Gay Rights Timeline: A Look Back At the Past 50 Years
While there is a long record of homosexual marriage in world history, the United States has had a very short relationship with marriage equality for the LGBT (etc.) community. With the Supreme Court cases deciding the fate of the Defense of Marriage Act (DOMA) and Proposition 8 on everyone's mind, we should take a look back at the path that brought us here.
April 1965: The first protest by gays and lesbians occurred outside the White House.
1966: The first gay student organization was formed at Columbia University.
June 28, 1969: The conventional start date of the gay rights movement began here with the Stonewall Riots in Greenwich Village. Police harassment of gays triggered riots when unlicensed gay bar the Stonewall Inn was raided.
1970: The first gay pride parades were held in four major U.S. cities on the first anniversary of the Stonewall Riots. In the same year, the first homosexual marriage in the U.S. is attempted in Minneapolis, Minnesota by Jack Baker and Michael McConnell. Their marriage is denied by Minnesota's highest court, and an appeal to the U.S. Supreme Court was declined.
1977: Harvey Milk (shown in the 2008 biopic Milk), an openly gay politician in San Francisco, was elected to the city board of supervisors. He was assassinated less than a year later.
1981: The beginning of the AIDS epidemic prompts the creation of gay advocacy groups to fight the slow government response to the crisis as well as public perception linking the disease to gay men. This criticism of the government was later documented in the 1987 best-selling Randy Shilts book And the Band Played On: Politics, People, and the AIDS Epidemic.
1982: Two men in Georgia are arrested by police for practicing sodomy — consensually, in the privacy of their own home — in a case that eventually went to the Supreme Court. The court ruled in Bowers v. Hardwick by a 5-4 vote that sodomy laws could stay in place. That decision wasn't reversed for 15 years.
1987: Former Rep. Barney Frank (D-Mass.) came out publicly as gay.
1989: Internationally, Denmark becomes the first modern state in the world to enact registered partnership laws for homosexual couples (domestic partnerships).
1993: Don't Ask, Don't Tell is signed into law by President Bill Clinton, allowing homosexuals to serve in the military so long as they remain in the closet. While regarded as backwards piece of legislation now, it was a moderate step forward at the time, considering gays were actively prohibited from serving in the military before that point.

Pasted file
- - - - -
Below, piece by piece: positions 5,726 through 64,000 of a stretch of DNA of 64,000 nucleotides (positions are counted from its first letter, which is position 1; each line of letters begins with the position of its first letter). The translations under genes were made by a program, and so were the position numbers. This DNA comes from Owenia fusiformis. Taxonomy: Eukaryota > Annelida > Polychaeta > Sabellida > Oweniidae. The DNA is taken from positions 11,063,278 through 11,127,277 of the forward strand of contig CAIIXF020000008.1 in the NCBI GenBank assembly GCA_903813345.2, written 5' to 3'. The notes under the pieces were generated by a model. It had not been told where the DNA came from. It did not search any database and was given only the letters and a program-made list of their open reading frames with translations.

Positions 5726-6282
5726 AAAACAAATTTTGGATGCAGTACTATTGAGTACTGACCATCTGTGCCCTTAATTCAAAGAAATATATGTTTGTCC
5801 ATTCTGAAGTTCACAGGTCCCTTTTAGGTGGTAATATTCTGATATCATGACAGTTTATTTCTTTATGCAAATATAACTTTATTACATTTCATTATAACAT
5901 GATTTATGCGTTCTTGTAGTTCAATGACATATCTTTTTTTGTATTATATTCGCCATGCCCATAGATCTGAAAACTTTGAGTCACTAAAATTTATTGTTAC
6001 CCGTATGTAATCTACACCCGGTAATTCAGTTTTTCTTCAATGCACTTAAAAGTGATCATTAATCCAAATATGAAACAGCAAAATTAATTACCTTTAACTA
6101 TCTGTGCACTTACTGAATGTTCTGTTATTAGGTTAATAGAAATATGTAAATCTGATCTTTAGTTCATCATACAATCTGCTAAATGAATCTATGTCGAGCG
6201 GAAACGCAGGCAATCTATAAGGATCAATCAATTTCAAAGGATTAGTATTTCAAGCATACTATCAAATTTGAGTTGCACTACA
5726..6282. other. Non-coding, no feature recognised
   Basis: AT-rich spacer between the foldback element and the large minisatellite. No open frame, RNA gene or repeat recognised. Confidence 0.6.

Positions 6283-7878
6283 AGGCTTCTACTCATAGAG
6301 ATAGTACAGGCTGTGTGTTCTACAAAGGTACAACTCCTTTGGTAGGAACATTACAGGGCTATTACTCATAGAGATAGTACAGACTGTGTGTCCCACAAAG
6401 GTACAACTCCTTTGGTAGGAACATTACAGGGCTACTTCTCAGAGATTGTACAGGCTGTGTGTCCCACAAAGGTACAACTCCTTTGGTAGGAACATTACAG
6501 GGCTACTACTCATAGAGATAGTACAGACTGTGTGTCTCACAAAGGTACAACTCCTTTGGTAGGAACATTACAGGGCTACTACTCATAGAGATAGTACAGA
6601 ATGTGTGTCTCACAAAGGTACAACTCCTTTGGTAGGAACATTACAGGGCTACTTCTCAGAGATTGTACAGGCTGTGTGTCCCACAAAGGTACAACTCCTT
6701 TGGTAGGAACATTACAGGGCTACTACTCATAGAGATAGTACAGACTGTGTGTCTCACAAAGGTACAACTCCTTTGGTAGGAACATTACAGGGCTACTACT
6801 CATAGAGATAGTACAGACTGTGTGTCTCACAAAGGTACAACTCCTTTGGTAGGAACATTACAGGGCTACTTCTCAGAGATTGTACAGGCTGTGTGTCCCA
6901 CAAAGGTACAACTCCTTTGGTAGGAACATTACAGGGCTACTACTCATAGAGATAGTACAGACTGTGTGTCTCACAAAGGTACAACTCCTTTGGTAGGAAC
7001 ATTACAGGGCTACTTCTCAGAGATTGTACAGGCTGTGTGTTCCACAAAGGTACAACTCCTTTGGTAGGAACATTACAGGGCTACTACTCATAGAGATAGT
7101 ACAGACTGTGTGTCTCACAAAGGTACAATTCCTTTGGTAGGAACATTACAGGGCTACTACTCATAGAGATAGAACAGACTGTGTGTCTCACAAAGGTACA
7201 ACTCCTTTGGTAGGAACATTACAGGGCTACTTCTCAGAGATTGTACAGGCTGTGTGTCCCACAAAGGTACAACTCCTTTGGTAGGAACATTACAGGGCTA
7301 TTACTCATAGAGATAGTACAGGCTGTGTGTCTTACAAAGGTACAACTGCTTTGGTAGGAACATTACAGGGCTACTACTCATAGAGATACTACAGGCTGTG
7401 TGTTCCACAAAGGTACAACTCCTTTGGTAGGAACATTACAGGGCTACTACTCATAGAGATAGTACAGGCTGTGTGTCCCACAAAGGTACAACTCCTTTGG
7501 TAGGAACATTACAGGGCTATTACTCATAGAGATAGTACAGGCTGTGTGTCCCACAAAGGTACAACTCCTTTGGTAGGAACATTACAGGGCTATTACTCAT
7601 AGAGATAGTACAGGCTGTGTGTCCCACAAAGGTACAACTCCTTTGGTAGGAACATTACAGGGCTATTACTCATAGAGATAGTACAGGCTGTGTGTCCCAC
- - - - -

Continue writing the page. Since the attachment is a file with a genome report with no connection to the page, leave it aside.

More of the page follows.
1996: DOMA, currently under judicial review, is passed. This measure ensured that gay marriages from a state need not be recognized as legal by other states or the federal government.
2000: Vermont legalizes civil unions for gay couples, the first state in the country to do so. In the same year, the Supreme Court rules that the Boy Scouts of America are allowed as a private club to ban gay scouts.
2003: The Supreme Court finally strikes down anti-sodomy laws, reversing its decision from Bowers v. Hardwick.
2004: Massachusetts and California begin to allow gay marriage, though the California Supreme Court later nullifies those certificates. Later that year, 13 states passed constitutional amendments banning same-sex marriage, in order to preempt any judicial or legislative action legalizing it. That number has risen to 31 states as of 2013.
2007: Domestic partnerships and civil unions gain traction, being passed in New Hampshire, Oregon, and Washington State.
2008: The fight over California continues, as the Supreme Courts of California and Connecticut legalize same-sex marriage. Proposition 8 shortly followed, a referendum that overturned that decision. The California Supreme Court upheld the referendum.
2012: Not only does the first sitting U.S. president in history come out in favor of same-sex marriage, but voters in Maryland, Maine, and Washington all approve referendums in support of same-sex marriage. This is the first set of cases where gay marriage won at the voters' box, and indicates the switch in public opinion in a relatively short time from overwhelmingly disapproving of gay marriage to favoring it. Since then, a slew of politicians and celebrities have endorsed the movement.